County health departments begin offering seasonal flu vaccine




Southwest Georgia Public Health
Southwest Georgia Public Health
Southwest Georgia Public Health

Southwest Public Health District’s 14 county health departments are now offering seasonal influenza vaccinations, says District Health Director Dr. Jacqueline Grant.

“This year for the first time we are offering high-dose vaccine for patients 65 and older along with flu shots and the nasal spray form of the vaccine,” Grant said. “All health departments take walk-in patients for immunizations,” she said. “Along with accepting cash, our staff is happy to file insurance for influenza vaccines on Medicare, Blue Cross/Blue Shield, Aetna, Medicaid, all CMOs such as Peachstate, Amerigroup and Wellcare, and Peachcare.”

Fluzone High-Dose influenza vaccine contains four times the amount of antigen (the part of the vaccine that prompts the body to make antibody) contained in regular flu shots, according to the National Centers for Disease Control and prevention.

“Human immune defenses become weaker with age, placing older adults at greater risk of severe illness from influenza,” Grant explained. “Also, aging decreases the body’s ability to have a good immune response after getting influenza vaccine. A higher dose of antigen in the vaccine aims at giving older adults a better immune response, with the result being better protection against flu.”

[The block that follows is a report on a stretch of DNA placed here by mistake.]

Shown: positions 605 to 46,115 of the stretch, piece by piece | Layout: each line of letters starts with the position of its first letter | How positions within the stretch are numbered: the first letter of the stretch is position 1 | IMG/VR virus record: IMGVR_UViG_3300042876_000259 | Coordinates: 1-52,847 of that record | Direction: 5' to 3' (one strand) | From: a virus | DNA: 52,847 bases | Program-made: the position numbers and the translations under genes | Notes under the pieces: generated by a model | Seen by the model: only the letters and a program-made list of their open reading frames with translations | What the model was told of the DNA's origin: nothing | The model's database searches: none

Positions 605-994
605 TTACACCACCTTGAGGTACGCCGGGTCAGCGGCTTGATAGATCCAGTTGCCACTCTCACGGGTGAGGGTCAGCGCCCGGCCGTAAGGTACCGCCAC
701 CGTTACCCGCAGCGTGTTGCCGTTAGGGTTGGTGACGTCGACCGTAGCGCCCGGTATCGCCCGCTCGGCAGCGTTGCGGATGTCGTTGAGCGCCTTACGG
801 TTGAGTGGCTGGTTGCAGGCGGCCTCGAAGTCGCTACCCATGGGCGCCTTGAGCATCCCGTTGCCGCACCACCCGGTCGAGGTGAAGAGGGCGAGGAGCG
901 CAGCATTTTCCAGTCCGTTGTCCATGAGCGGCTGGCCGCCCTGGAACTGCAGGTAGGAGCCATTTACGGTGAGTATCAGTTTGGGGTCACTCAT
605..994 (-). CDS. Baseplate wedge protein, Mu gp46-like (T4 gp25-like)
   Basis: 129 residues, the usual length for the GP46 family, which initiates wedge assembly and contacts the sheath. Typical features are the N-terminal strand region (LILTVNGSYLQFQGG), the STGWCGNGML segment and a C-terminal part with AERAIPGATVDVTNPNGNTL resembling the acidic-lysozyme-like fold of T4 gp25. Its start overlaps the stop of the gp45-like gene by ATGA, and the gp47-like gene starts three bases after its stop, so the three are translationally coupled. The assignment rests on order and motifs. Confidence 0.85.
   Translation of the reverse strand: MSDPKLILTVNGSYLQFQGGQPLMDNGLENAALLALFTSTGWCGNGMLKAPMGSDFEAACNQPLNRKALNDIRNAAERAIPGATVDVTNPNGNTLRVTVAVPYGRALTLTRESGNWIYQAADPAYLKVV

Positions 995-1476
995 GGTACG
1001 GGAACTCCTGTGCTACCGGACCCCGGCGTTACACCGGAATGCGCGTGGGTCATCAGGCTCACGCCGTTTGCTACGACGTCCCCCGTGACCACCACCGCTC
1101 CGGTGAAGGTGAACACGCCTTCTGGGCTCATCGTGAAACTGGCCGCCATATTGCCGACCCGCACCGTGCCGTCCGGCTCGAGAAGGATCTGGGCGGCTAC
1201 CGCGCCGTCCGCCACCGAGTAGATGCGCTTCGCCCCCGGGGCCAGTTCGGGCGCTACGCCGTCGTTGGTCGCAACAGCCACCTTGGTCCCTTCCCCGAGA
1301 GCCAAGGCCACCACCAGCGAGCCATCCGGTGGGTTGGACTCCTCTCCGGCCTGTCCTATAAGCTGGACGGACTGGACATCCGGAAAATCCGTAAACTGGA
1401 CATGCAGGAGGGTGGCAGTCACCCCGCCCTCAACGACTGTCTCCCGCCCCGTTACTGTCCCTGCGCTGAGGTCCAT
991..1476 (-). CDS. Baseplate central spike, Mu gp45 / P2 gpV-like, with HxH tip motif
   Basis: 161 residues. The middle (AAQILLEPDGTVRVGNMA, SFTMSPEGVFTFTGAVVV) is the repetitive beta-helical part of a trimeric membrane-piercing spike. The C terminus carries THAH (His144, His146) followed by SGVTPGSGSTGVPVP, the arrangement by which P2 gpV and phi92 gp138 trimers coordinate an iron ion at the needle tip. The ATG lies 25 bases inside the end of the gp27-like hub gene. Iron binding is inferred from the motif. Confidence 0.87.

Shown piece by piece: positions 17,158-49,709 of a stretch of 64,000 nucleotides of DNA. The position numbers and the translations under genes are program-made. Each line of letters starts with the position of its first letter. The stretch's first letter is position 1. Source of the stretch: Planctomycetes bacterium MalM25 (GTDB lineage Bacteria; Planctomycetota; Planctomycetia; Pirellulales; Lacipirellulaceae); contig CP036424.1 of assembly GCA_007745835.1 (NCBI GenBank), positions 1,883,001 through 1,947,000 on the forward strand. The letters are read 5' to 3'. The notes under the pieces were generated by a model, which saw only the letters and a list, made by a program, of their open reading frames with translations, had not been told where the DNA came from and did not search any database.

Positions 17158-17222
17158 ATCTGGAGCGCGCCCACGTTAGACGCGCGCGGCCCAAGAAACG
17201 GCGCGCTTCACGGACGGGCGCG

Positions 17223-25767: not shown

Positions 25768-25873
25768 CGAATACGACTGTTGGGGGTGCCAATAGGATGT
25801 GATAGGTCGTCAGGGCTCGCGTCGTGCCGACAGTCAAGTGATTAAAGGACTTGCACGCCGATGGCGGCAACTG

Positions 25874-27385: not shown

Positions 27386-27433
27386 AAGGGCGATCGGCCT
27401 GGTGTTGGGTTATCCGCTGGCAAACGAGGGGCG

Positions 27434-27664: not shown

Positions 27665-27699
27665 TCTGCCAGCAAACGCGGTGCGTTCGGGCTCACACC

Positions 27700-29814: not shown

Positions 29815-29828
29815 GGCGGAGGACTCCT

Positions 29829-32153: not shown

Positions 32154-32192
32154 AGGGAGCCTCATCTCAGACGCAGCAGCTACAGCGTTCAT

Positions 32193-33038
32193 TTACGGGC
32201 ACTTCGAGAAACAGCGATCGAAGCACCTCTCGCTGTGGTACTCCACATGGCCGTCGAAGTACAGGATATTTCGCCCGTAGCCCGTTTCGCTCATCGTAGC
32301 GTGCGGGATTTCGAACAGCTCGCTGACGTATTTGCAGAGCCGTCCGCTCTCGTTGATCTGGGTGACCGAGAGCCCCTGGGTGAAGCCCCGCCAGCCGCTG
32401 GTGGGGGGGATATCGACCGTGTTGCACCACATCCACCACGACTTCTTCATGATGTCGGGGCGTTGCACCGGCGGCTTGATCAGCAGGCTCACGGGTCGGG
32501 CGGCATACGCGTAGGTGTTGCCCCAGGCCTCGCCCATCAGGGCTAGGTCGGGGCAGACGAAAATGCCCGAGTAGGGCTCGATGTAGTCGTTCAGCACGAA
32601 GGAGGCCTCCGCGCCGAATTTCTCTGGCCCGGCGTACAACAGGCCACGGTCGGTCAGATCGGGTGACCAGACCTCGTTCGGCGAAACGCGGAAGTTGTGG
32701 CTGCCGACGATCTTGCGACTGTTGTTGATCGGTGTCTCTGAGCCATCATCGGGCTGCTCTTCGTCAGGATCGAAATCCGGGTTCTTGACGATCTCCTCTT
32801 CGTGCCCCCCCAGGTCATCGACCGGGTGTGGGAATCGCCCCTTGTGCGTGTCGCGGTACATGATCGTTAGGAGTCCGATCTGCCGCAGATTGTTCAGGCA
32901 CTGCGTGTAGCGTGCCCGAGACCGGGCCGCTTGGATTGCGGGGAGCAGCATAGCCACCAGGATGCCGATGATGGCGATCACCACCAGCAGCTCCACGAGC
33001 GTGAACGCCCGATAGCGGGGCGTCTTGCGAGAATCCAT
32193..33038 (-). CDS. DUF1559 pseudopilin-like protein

Self-pay cost for the high-dose vaccine is $35 per patient.

“Flu mist is indicated for healthy non-pregnant persons aged 2 through 49,” Grant said. It contains a weakened form of the virus. It is thimerosal-free plus it contains no other preservatives, she said. Flu shots are approved for use in people as young as 6 months old and up – and the CDC recommends an annual flu vaccine for those 6 months and older as the first and best way to protect against seasonal influenza.

The self-pay fee for flu shots and the nasal mist vaccine is $25. Seasonal flu can cause mild to severe illness – and even death, Grant noted.

“Some people, such as older adults, young children and people with chronic health conditions like diabetes or heart disease are at high risk for serious flu complications,” she said.

Flu symptoms include fever (usually high), headache, extreme tiredness, a dry cough, sore throat, runny or stuffy nose, and muscle aches. Stomach symptoms are also common, especially in children. Besides getting the flu vaccine, there are other actions that protect against the flu:

  • Cover your mouth and nose when you cough or sneeze.
  • Wash your hands often with soap and water. Use an alcohol-based rub if soap and water aren’t available.
  • People who are sick with flu-like illness should stay home for at least 24 hours after their fever is gone without the use of a fever-reducing medicine.

For more information about the seasonal flu vaccine, contact your local health department or go to www.southwestgeorgiapublichealth.org or www.cdc.gov.




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